- Is the male end of power cable plugged all the way into the power outlet or surge protector? This happens more often than you’d think, usually because someone stepped on the cable in their haste to set something else up. Just sigh and plug it back in.
- Is the surge protector turned on? Again, this is usually the victim of an errant shoe stepping where it shouldn’t have been stepping, but check.
- Is the surge protector working? Especially if you’re using an affordable surge protector or a basic power strip, this is always a risk. If everything else checks out, swap it for a new one.
- Is the surge protector, extension cord, etc. connected to a power outlet? It’s really easy to lose the end of a power cord in a snakes’ nest of other cables, so we recommend that you physically trace this one to verify.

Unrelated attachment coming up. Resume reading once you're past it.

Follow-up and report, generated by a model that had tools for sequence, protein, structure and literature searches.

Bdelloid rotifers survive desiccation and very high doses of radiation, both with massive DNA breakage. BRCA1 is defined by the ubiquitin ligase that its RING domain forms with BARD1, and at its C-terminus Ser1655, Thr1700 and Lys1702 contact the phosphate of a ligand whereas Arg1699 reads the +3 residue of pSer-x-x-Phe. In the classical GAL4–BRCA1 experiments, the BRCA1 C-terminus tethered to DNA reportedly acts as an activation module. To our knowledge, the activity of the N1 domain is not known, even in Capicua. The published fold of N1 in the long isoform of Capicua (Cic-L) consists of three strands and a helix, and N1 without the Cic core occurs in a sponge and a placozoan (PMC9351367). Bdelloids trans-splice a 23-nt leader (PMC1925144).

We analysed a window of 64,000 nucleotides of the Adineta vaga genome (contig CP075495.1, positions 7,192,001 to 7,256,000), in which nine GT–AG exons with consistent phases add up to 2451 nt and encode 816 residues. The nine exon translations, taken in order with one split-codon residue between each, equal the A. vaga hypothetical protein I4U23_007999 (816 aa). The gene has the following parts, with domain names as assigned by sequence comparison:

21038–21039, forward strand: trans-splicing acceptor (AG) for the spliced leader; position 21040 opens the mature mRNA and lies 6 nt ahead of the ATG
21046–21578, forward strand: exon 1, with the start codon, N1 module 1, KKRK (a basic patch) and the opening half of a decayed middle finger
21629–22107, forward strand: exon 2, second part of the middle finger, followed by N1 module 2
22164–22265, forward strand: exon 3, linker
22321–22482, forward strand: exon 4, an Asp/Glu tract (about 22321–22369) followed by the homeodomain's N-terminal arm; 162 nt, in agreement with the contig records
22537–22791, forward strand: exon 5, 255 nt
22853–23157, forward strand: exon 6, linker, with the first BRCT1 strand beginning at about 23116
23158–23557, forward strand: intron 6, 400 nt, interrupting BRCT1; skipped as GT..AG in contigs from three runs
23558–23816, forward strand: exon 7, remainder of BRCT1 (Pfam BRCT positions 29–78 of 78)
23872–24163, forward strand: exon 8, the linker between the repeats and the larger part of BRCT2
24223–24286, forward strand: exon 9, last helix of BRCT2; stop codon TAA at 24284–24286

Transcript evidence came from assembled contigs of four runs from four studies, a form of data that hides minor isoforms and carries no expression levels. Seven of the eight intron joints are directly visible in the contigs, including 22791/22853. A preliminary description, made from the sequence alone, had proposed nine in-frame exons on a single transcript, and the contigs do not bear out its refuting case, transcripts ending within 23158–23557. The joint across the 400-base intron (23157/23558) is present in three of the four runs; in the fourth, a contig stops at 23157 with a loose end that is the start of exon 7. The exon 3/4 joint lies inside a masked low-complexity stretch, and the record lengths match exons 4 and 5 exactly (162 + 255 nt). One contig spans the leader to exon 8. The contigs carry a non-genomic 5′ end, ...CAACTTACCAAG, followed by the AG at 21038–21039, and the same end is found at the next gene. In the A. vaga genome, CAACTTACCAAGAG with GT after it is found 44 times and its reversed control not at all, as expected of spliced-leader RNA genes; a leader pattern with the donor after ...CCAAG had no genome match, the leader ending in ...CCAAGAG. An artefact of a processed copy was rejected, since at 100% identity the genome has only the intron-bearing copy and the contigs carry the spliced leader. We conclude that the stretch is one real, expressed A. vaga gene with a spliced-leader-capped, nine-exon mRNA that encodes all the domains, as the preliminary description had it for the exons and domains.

At this point, you’ve traced the problem back to the source and you can start considering some more inconvenient causes:
- In rare instances, the external power supply for your gear may have failed and you’ll need to buy a replacement.
- In even rarer instances, the fuse in your equipment may have blown. Not all gear has a fuse or a user-replaceable fuse, but if yours does and all of the above fails, then you may need to take a visit to your neighborhood electronics store for a new one. Always check your user documentation before attempting to replace a fuse.
- And in the rarest of instances, the internal power supply or something connected to it has failed and you’ll need to contact the manufacturer for a repair.
Once you’ve verified that the equipment is all connected to a power source and turned on, you can move on to the next step.
Step 2: Is it plugged in?
Nope, still not a joke.